It is probably safe to say that the last time you handled a storm surge, landed a new big commercial contract or reached a significant financial performance goal you planned a big celebration with all the employees who helped make that success a reality.
This is fantastic, and I commend you for this. However, it is my experience that these “big” celebrations do little in the long term for motivating and retaining employees.
My question is this: Why are we not celebrating the small successes that take place each and every day in our workplaces? It’s reflective of the same sentiment that leads us to ask why we wait until Thanksgiving to be thankful, or until Christmastime to be generous, or until it’s “too late” to tell someone we love them. Begin now, as a matter of business practice each day, to catch someone doing something right. When employees recognize that even small successes and achievements are tied directly to recognition, you can count on many more successes to come.
No one would disagree that negative attitudes within the workplace can lead to problems. No one, least of all your customers, enjoys doing business with an employee who is negative. A negative culture within a company can lead to deteriorating morale, lack of productivity and difficulty retaining employees. Possibly the single biggest challenge that many of you are facing today is related to hiring and then retaining good employees. In order to accomplish both of these things, it is critical to avoid, from day one, negative attitudes in the workplace. Encouraging, or even requiring, each member of the management team to adhere to daily recognition of deserving employees is a must, not an option.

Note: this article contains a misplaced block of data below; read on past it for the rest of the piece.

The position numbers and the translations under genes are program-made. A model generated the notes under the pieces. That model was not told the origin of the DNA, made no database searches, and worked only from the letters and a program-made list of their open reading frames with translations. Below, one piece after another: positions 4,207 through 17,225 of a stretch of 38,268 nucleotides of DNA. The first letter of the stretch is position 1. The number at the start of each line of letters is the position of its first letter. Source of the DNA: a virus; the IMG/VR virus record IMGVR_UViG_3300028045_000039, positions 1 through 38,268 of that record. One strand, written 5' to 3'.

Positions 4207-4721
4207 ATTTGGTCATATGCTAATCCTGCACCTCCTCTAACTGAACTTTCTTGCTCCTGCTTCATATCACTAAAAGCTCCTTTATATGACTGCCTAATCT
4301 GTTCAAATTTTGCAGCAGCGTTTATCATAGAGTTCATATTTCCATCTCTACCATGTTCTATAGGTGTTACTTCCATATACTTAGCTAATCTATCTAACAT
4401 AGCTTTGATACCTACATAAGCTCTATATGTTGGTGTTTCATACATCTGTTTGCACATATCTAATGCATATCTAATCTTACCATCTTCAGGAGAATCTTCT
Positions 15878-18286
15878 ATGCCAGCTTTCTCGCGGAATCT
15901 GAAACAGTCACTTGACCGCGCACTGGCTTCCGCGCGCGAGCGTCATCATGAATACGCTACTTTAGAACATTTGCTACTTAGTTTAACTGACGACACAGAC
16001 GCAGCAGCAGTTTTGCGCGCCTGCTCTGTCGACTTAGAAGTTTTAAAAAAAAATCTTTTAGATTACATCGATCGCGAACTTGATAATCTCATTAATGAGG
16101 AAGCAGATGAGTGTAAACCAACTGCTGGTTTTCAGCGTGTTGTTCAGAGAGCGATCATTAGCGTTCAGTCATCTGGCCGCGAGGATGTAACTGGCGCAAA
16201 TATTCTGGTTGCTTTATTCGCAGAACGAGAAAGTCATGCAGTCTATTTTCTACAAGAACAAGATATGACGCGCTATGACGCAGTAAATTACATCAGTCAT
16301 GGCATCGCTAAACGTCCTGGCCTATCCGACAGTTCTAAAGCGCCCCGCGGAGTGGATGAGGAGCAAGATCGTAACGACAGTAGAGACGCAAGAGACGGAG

It is natural for you to be skeptical of the idea — at first. Catching someone doing something right each day may seem unnecessary, or even excessive. However, ask yourself how many articles and books you have read lately that have tried to convince you that “old style” management— boss, supervisor, traffic cop— needs to be replaced by the new leader of today— teacher, coach, mentor.
Every piece of new literature and research tells us that each person is a unique individual, and that they will have unique motivators in the workplace that help to create a positive and productive attitude. However, what this same research will also tell us is that every employee wants and needs recognition for a job well done. If you want passionate performance you have to win their hearts and minds before you can win their efforts.
This point is made very vividly in the book Everyone Matters, The Extraordinary Power of Caring for Your People Like Family, by Bob Chapman and Raj Sisodia. In the chapter entitled “Recognition and Celebration,” the authors state:
“In most organizations, people do the right thing most of the time, but most communication is about the things that go wrong. In a culture like ours that’s focused on continuous improvement, you could spend so much time looking for gaps or issues or challenges that you forget to stop and celebrate successes along the way. I was taught long ago that if more than half of your communication with any individual is negative, it’s an oppressive relationship. So we make a conscious effort to fill our airwaves with goodness.”
My next question, then, to every owner, manager, and leader is: Are you creating an oppressive relationship, or are you creating a climate that fosters respect and involvement? Because if you are still skeptical, know that a culture of recognition results in employees who accept and embrace:
The best part of celebrating small successes with your workforce each and every day? It doesn’t cost you or any member of your management team anything other than time, which is a pretty good ROI.
Scott Tackett is a Business Development Advisor for Violand Management Associates (VMA), the largest consulting company in the restoration and cleaning industries. Tackett is considered the leading expert in restoration and cleaning for Human Resource Development and Organizational Leadership with more than 30 years of experience. Through Violand, he works with companies to develop their people and profits. To reach him, visit Violand.com or call (800)360-3513